AP Photo / Misha Japaridze
In November 2015, the Boris Yeltsin Presidential Center opened in Yekaterinburg. President Vladimir Putin, Prime Minister Dmitry Medvedev, and Yeltsin’s widow, Naina, all attended the ceremony.
The center, which features a museum dedicated to Russia’s first president, has been controversial from the start, and many Russians — notably the filmmaker Nikita Mikhalkov — have criticized it for distorting the history of the 1990s, which contemporary Russians generally view as a “time of troubles.“
This Tuesday, the local utility company announced that it has shut off the museum’s heating and hot water, accusing Klaas-Stroi, which owns the Yeltsin Center, of failing to pay its bills.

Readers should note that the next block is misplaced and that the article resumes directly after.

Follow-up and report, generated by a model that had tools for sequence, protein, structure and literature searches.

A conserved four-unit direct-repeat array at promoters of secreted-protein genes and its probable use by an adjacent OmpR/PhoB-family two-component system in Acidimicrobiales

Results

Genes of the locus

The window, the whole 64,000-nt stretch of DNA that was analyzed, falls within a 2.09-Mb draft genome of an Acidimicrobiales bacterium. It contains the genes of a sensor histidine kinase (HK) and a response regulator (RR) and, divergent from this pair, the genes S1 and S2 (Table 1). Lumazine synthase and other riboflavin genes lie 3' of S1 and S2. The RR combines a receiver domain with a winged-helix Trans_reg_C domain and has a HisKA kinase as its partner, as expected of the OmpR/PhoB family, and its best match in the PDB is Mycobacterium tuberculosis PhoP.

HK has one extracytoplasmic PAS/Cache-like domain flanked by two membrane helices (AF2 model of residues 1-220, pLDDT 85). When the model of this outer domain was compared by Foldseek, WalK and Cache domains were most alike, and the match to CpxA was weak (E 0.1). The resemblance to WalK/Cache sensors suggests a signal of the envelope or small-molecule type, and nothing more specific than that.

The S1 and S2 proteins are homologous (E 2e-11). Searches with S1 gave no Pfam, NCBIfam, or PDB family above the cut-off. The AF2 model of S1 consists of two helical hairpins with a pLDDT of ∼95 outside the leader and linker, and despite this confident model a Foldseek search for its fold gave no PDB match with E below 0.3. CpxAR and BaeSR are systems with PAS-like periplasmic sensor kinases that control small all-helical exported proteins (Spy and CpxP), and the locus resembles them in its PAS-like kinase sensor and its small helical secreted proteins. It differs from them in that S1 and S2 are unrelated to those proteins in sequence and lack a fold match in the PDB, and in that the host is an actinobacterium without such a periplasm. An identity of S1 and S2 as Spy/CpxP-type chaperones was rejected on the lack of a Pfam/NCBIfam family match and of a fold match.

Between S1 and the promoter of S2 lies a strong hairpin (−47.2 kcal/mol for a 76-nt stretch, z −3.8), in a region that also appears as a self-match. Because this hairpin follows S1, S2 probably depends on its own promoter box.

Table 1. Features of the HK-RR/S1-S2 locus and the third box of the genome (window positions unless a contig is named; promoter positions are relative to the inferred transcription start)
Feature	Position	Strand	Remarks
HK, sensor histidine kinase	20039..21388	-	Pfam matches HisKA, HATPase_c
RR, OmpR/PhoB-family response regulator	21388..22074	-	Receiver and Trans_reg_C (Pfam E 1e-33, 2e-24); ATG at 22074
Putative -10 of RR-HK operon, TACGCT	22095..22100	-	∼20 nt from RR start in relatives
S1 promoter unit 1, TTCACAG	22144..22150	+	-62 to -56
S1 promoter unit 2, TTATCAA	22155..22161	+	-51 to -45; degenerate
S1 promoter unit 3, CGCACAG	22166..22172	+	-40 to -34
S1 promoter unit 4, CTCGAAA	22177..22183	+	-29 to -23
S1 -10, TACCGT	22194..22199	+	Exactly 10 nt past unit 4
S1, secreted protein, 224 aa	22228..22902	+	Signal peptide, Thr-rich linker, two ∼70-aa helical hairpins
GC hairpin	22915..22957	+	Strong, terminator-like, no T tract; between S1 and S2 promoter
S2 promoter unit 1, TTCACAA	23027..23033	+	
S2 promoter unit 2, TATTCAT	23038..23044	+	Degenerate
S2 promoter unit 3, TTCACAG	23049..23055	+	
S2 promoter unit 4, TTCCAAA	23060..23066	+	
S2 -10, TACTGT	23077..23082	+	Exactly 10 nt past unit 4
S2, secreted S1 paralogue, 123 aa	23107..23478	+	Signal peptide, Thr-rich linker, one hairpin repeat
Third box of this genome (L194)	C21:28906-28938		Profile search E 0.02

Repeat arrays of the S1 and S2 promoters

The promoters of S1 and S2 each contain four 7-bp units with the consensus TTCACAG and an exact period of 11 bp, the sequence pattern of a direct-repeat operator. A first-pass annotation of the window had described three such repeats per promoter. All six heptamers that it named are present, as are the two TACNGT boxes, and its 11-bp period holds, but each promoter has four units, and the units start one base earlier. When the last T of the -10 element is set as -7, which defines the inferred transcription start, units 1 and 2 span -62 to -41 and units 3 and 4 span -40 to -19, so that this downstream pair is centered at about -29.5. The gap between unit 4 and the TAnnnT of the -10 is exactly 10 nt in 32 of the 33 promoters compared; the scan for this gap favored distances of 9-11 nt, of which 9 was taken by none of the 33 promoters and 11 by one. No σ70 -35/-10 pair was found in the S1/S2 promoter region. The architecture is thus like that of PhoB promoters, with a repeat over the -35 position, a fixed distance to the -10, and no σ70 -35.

According to the Sverdlovsk branch of Energosbyt Plus, Klaas-Stroi owes 3.3 million rubles (almost $56,000) in utility bills since this January.
“We can’t say for sure which accrued the debt, the cultural center or the business center, and so we capped the supply to both of Klaas-Stroi’s organizations,” a spokesperson for Energosbyt Plus told the news agency Interfax.
According to Interfax, Klaas-Stroi has already paid 2 million rubles (about $34,000) of its debt, but the utility company insists that services won’t resume until the full debt is paid.
Meanwhile, the press office for the Yeltsin Center told Interfax that the museum hasn’t noticed any loss of heating or hot water.
“The Yeltsin Center works with Energosbyt through a contractor,” press secretary Elena Volkova said. “Currently, we have no debts, so the center is operating normally, and we’ve also experienced no problems with heating or hot water.”